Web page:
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What happened to The Big Society?

Guy Rigby Friday, 06 July 2012.

What happened to The Big Society?

We don't seem to hear much about the Big Society these days. Building an environment that takes power away from politicians and gives it to the people must be good. It's included in the coalition agreement, so hopefully it isn't just a fad.

Talking about coalitions, we've come to understand the challenges of governing in a cooperative environment, where differing ideologies cause disagreements and distractions, leaving the biggest party with responsibility, but without any real authority. We put them there, so we only have ourselves to blame. And if we think our two-party coalition is a problem, think about Europe, where seventeen members of the European Union share a malfunctioning currency union without any visible means of resolution. It'll take a decade to sort it out.

Luckily, businesses don't suffer from the same paralysis as government. It just can't happen. They have to fight for their survival, with the 50% or so who generate the nation's wealth having to pay for themselves as well as the other 50%, even though their rewards, in general, are lower.

So let's not talk about House of Lords reform, or get distracted by ideology. We need clear thinking and, in case our politicians are listening, here are five recommendations to get the UK back on track:

• Education. Bring back literacy, competitiveness and the winning culture. Teach and encourage entrepreneurship. Tell our children that 'if it's to be, it's up to me'.

• Infrastructure. Be bold and enabling for the long term. Fix our overcrowded roads, underfunded public transport and embarrassing international hubs.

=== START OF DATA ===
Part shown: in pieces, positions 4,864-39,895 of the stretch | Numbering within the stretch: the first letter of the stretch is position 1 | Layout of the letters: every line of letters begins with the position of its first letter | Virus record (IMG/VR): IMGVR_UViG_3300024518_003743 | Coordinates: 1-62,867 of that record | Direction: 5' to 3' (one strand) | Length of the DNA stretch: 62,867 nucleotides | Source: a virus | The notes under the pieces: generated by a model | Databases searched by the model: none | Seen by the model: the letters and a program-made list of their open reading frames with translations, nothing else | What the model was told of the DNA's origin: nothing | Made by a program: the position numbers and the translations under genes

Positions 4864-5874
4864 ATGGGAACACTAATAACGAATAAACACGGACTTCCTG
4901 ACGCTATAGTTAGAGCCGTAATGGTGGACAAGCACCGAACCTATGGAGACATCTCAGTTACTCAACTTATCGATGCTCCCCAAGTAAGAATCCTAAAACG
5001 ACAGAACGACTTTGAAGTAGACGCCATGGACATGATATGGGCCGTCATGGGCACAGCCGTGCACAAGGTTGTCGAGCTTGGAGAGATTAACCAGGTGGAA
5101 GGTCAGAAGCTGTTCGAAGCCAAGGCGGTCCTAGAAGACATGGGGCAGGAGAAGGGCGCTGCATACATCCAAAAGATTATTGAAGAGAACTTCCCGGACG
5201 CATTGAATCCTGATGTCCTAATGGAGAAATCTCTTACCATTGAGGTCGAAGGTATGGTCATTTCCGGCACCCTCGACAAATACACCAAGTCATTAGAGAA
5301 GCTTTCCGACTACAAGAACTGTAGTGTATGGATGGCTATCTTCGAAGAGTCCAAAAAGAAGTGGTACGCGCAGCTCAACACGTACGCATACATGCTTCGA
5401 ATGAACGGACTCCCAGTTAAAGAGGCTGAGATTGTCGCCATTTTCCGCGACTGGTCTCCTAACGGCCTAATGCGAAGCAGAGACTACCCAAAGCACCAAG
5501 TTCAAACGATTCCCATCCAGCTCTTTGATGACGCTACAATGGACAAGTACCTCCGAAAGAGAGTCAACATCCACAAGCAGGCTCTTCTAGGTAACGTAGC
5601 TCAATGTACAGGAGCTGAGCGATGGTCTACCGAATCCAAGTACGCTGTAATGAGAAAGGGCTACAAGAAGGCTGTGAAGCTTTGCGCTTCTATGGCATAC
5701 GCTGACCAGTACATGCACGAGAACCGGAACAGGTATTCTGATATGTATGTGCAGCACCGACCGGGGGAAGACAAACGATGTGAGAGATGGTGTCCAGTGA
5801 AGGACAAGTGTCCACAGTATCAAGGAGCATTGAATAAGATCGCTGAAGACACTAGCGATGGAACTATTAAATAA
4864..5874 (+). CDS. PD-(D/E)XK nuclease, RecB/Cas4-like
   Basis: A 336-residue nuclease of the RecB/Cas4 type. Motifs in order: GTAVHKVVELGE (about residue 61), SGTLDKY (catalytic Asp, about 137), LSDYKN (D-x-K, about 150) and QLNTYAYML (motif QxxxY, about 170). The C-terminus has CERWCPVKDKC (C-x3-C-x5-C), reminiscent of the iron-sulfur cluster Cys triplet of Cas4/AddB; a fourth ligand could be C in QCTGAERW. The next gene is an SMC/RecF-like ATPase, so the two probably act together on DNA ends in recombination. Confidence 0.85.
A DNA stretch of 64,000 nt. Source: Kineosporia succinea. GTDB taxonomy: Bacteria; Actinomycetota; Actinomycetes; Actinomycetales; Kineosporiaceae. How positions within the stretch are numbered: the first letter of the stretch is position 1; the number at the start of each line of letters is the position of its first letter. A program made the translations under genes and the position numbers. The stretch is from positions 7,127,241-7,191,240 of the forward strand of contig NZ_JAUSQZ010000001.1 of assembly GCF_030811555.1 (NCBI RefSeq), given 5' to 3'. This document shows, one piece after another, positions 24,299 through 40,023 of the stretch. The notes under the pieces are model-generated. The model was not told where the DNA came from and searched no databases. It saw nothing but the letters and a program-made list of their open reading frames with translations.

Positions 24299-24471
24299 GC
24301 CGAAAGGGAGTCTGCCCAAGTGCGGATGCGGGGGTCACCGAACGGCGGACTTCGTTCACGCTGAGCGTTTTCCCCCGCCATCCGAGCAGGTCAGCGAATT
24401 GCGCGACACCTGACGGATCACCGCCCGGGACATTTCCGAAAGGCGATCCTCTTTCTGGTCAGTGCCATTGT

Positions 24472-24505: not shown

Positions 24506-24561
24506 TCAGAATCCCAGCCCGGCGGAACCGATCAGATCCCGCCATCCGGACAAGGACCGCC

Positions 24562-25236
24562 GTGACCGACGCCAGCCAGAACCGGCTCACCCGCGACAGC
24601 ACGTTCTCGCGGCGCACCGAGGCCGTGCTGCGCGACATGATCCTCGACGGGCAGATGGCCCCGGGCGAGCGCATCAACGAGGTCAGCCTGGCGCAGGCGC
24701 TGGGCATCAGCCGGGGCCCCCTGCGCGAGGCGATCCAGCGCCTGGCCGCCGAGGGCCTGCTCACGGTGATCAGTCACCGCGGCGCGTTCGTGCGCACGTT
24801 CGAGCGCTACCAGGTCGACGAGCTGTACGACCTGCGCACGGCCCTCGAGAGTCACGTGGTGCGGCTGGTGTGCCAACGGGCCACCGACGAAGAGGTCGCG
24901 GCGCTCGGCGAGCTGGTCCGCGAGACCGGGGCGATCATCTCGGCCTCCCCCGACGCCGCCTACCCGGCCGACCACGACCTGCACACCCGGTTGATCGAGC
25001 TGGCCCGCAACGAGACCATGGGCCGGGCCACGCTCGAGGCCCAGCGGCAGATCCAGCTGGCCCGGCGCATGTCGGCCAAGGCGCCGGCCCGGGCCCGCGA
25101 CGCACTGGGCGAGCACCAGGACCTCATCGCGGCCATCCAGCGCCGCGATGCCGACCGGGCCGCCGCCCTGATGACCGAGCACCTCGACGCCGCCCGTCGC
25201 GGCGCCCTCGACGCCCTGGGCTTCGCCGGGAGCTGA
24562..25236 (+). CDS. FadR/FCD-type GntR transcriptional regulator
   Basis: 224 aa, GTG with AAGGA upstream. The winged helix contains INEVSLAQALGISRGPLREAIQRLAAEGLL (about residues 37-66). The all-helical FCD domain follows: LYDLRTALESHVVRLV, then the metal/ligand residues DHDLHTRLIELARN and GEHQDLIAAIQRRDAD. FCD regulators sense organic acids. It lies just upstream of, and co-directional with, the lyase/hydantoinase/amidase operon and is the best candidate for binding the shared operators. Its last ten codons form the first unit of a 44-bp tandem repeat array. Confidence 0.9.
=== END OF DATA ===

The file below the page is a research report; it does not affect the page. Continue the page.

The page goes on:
• Banking. Work with the banks to make them stable, solvent and, above all, suitable for our nation's future needs.

• Regulation. Encourage wealth creation and risk taking by simplifying and reducing taxation and the burden of business related legislation.

• Public spending. Abandon the nanny state. Look after the needy, the old and the disabled and develop policies that mean the rest must look after themselves.

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Guy Rigby

Guy Rigby

Guy is an experienced chartered accountant and an entrepreneur. A natural and driven enthusiast, he built and sold his own accountancy firm, as well as pursuing other commercial interests. He has been a director and part owner of a number of different companies, including businesses in the IT, property, defence, manufacturing and retail sectors.

Guy joined Smith & Williamson in 2008 and leads the entrepreneurial services group. His day to day activities include advising entrepreneurs and their businesses and coordinating Smith & Williamson's activities in this increasingly important market.

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